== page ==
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Deodar is picturesque in winter landscapes
By Norman Winter
Central Mississippi Research & Extension Center
The deodar cedar is one of my favorite trees in larger landscapes. Oddly enough, its country of origin is seen daily in the headlines. Can you guess? It's from Afghanistan and the Himalayas.
To me it's from Lucedale. Some of our great woody ornamental producers grow this tree. Most of you probably think of me as a tropical nerd or flower nut of some kind, but I'll readily admit that I may wake up a conifer freak some morning.
During the winter, my eyes seem to pick out every conifer in the landscape. Conifers are the cone bearing trees or shrubs, and when everything else goes brown or dormant, the evergreens really stand out. They are so important to the winter landscape.
Deodar cedar, or just deodar, is known botanically as Cedrus deodara and is a large, stately conifer with horizontal spreading branches and a conical shape. Though it can reach more than 150 feet tall, we typically see them maturing in the 50 to 70 foot range after 30 to 40 years.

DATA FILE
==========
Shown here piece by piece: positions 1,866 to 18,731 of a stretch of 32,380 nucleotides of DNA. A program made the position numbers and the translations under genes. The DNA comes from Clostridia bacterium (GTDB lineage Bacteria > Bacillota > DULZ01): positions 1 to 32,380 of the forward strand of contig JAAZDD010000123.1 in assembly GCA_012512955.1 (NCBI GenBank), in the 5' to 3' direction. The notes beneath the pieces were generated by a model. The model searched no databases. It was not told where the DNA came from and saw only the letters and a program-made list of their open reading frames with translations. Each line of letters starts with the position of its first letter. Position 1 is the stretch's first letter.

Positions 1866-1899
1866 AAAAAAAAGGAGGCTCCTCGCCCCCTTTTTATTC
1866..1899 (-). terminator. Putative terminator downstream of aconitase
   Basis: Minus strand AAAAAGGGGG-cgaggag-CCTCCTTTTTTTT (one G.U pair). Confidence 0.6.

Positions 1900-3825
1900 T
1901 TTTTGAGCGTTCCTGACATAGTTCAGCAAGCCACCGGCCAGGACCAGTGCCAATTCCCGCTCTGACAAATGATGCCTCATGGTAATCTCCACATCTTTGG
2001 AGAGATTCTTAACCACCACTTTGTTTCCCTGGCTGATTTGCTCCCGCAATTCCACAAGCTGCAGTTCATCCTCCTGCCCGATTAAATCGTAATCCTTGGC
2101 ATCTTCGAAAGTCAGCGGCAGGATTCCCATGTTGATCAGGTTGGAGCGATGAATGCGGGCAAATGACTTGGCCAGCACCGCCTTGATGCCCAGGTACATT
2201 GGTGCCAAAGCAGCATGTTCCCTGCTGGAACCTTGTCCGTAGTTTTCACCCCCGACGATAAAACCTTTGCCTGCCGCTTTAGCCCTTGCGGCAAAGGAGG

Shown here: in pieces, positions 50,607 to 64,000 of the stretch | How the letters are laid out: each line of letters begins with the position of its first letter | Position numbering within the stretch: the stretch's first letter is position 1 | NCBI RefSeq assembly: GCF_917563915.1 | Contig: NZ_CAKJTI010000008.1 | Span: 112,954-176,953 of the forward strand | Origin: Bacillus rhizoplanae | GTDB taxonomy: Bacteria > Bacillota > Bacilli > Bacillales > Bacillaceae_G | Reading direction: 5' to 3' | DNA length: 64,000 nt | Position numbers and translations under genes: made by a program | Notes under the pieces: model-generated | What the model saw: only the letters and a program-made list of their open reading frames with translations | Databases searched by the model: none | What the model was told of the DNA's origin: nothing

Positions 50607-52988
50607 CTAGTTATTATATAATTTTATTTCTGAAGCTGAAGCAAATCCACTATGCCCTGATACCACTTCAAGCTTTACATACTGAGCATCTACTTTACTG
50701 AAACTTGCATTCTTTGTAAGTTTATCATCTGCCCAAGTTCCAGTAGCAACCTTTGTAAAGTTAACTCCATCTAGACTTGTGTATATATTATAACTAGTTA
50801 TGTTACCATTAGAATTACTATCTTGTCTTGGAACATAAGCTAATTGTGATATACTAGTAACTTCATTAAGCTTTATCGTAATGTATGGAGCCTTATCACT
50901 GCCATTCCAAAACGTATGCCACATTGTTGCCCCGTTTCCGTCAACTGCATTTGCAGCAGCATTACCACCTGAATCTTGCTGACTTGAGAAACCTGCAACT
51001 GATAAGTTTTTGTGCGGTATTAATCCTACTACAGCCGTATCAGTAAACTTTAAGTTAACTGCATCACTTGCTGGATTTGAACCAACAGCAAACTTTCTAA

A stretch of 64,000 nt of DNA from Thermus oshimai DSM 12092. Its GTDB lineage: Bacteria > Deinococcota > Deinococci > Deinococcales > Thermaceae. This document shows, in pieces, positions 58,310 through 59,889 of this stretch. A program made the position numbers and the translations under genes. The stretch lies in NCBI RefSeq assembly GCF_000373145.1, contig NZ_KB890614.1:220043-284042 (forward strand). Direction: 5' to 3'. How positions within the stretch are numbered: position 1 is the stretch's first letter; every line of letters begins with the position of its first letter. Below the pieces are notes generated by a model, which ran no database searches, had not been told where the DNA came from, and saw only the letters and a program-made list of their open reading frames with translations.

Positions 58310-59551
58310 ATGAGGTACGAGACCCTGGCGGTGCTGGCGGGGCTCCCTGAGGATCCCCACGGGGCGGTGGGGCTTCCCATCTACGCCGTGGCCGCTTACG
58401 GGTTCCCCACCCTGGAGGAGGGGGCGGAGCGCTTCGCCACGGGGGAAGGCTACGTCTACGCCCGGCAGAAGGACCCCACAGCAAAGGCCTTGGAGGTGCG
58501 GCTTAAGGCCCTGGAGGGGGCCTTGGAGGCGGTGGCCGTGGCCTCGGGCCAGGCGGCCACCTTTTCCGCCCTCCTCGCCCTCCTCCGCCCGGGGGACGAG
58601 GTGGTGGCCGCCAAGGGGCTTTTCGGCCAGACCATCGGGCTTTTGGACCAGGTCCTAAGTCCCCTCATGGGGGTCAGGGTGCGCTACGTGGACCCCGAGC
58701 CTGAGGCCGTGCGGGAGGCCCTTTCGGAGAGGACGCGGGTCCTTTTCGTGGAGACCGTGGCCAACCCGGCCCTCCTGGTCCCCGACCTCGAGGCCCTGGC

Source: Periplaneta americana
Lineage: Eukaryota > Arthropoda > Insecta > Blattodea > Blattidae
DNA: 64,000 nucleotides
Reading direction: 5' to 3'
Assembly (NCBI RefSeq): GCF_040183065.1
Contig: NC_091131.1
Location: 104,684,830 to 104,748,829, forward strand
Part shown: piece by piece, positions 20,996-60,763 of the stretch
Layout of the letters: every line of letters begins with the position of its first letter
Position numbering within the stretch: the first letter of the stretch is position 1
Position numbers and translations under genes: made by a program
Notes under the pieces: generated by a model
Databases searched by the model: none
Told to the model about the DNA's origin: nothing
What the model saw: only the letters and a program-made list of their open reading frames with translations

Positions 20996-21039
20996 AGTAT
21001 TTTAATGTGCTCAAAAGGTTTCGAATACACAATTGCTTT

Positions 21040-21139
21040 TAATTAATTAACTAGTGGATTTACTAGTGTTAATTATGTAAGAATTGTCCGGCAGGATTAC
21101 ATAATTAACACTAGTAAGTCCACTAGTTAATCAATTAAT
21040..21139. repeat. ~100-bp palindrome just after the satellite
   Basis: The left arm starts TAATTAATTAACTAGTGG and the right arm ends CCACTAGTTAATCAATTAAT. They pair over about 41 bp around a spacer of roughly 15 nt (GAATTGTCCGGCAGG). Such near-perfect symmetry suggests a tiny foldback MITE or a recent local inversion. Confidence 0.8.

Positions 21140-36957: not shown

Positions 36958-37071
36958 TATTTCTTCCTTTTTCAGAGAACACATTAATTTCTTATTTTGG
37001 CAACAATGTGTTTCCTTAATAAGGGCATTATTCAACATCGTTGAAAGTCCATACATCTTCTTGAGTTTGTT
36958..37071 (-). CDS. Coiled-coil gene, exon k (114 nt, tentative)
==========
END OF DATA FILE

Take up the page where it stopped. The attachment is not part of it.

Lower branches bend gracefully downward and then up again. The stiff, needle-like, silvery blue green leaves are about 2 inches long and borne in dense whorls.
I suspect most sold in the state are sold generically, which in this case is just fine. Several cultivars are popular. Argentea is fast growing and has silvery bluish gray foliage. Aurea is smaller, reaching to 30 feet and has golden yellow new foliage. Pendula has long, weeping branches and grows no higher than 10 feet. Shalimar released by the Arnold Arboretum is known for superior cold hardiness.
As already mentioned, deodar is native to the Himalayas where it grows at elevations of 3,500 to 12,000 feet above sea level. In the United States, it is cold hardy to about minus 15 degrees.
It is fairly fast growing for the first decade or two, reaching as high as 30 feet in its first 10 years. I think it is most beautiful at this stage. Between years 10 and 20, it will slowly broaden at the top. Our oldest specimens generally show some top dieback, but don't let this deter you from having 10 to 15 years of deodar bliss.
They perform best in full sun and are drought tolerant once established. This tree likes well-drained locations. Most deodar cultivars will grow into large, handsome specimen trees that need plenty of room. Plant them in the back of a large landscape so they can be seen in their entirety.
Deodar is the most popular landscaping cedar in America. In Asia, the essential oils extracted from deodar have been used as an antiseptic. The deodar looks beautiful in the winter landscape and especially during the holiday season. Give it a try in yours.